But we knew that all along

The main problem I have with Mark Ritson’s research into ad-viewing is its lack of real insight (MW last week).

His study’s unsurprising outcome – that advertisers need better ways to measure spend – is of little strategic value. It delivers no actionable insights into emerging opportunities for businesses to innovate into. How will tomorrow’s consumers interact with TV and what happens, for instance, if the lounge is no longer considered the main venue for TV viewing?

As for the methodology, one can’t deliver insight into current and emerging behaviour simply by observing people with cameras – you need rigorous integration of data from various sources, including focus groups, discourse analysis, macroeconomic data and, above all, field data from ethnographers living in, feeling and being part of each household.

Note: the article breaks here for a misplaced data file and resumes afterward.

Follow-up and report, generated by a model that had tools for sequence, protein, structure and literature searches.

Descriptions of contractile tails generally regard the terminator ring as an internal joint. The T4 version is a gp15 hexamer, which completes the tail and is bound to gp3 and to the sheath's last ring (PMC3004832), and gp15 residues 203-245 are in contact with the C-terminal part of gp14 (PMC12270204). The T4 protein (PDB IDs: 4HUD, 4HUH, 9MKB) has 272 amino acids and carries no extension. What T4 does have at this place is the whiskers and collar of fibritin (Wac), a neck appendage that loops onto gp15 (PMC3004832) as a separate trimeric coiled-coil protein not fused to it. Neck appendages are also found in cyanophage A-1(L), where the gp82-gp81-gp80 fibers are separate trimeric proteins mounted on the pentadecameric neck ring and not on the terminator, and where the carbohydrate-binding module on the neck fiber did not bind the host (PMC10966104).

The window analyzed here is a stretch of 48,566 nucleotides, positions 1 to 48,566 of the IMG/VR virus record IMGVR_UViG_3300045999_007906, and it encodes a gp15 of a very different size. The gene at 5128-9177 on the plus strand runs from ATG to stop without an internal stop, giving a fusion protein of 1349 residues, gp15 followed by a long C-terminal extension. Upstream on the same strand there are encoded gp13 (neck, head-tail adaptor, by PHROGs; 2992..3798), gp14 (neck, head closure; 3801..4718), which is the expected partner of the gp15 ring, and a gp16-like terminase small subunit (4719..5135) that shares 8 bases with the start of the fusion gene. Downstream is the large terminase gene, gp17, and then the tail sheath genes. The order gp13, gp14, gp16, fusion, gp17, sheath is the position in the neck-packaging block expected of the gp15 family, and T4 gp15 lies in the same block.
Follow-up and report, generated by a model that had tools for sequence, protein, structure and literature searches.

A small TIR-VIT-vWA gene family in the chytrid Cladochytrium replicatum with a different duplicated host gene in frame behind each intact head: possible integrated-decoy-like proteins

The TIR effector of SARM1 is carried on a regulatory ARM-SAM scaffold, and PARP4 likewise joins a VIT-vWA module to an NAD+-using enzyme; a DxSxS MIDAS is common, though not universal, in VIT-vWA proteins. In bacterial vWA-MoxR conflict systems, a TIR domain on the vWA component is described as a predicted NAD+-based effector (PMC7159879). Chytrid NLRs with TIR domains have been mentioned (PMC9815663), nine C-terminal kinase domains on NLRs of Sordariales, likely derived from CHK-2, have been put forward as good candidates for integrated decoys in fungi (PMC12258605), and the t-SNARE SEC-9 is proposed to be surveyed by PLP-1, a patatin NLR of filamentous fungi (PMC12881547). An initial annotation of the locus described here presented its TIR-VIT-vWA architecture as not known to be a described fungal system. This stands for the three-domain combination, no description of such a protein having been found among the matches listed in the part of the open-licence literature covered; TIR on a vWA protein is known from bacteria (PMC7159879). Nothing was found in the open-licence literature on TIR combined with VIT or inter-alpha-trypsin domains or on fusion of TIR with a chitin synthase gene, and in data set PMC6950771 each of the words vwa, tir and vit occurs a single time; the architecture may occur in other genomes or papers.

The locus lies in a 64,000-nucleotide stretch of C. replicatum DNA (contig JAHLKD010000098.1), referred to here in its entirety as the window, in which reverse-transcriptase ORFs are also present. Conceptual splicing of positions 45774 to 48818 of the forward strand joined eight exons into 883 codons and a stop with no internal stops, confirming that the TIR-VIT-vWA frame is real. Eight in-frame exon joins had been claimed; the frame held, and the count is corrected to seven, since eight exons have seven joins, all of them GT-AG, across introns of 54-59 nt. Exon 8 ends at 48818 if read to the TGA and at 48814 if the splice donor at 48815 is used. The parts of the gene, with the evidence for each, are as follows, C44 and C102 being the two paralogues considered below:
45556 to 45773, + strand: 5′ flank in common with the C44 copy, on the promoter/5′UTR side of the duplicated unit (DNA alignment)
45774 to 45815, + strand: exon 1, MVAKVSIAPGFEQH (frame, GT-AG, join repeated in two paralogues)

The Government, broadcasters and major companies including Unilever, Tesco, Vodafone and Orange would concur, after absorbing findings that corroborate those in Ritson’s study. Since 1999, they have been running an ongoing series of ethnographic studies into emerging media and technology consumption in the home, called Octagon.

While Ritson’s observations may be correct, he has quite probably drawn ethnography into disrepute. He has also wasted a very public opportunity to show business how the tools deployed by marketers can aid growth: surely our raison d’être?

Scott Walker


Happy Dog

London NW1


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